PLSC Civil Rights Pilgrimage Day 6

The Rosa Parks Museum was a very informational trip. It was good to discuss the actual
incident of Rosa Parks protesting segregation on the Montgomery buses in detail. I feel like we
are talking about such a short and vague history of the boycott that I could never really describe exactly
what happened on that day. The legal explanation was especially interesting to me because I had
never known that she did not break the law that day. Learning that fact demonstrated to me how
far the Jim Crow laws went to dehumanize African Americans in any and all ways that were
possible. Furthermore, it was strange to learn that bus drivers had the authority of police on their
buses; today it seems novel, but I can imagine how it was used to force the submission of
African Americans in all public spaces. One of the things that I have noticed about this trip is the
reoccurring theme that people are trying to remove that troublesome history from America’s
past. Professor Jordan said that the plaque commemorating the arrest of Rosa Parks was actually
removed with no plans for a museum, and it was only through community efforts did the
museum replace it. That shows me the importance of holding people accountable to maintain and
preserve our history.
The Equal Justice Initiative was a really cool experience. It was exciting to learn about
how a local organization was pushing for change in their own community. One of the points that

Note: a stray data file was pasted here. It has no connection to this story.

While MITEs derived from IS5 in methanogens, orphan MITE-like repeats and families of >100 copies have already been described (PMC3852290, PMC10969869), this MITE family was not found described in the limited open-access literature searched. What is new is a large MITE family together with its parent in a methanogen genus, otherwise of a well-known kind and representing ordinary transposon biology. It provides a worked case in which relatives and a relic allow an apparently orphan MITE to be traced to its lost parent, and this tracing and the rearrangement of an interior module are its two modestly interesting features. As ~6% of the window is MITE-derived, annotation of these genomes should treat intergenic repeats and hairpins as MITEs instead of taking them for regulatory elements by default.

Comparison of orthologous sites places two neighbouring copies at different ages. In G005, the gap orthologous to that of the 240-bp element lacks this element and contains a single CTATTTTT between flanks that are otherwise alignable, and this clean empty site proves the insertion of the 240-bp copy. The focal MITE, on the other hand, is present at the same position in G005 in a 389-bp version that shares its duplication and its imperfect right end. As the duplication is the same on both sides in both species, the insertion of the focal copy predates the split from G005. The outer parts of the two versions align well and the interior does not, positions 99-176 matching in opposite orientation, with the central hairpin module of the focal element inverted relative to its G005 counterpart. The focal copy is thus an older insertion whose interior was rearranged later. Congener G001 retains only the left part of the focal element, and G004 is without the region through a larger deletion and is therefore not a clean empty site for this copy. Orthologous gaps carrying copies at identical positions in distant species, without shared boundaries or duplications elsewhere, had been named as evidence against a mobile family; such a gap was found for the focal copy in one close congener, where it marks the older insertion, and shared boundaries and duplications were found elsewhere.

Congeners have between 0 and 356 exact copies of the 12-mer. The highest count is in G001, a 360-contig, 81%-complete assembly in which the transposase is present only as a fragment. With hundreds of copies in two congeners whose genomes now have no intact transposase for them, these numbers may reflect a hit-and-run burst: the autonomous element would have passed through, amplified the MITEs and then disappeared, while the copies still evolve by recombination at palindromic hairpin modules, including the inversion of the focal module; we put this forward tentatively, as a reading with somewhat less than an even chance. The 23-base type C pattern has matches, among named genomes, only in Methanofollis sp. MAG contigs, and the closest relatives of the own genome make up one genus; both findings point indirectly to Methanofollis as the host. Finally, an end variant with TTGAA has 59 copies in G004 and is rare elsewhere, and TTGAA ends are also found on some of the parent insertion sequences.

the representatives of EJI made that resonated with me was that “slavery didn’t end in 1865, it
just evolved.” The work and research that they have done to correlate lynching rates to death
penalty rates is astonishing and something I never would have thought of before. I appreciate that
they believe that the mainstream narrative of civil rights is incomplete. It feels incomplete to me
as well. I want to come back and see the National Memorial to Lynching and the museum they
are building. The most important thing that I took away from that was that we can all create
change in our own communities. We should be collecting soil samples from the locations of
lynching in Texas, too. Problems like mass incarceration, wrongful death penalty sentences, and
children imprisoned for life are not only problems in Alabama. They are also problems in Dallas
and across the country.
Crossing the Edmund Pettus Bridge reminded me that we are on our own freedom ride.
We would not even have been able to take this trip 52 years ago, but thanks to the people who
tried to cross this bridge, we can. We have come a long way from 1965, but we still have a long
way to go.
 

Song: Glory — Common & John Legend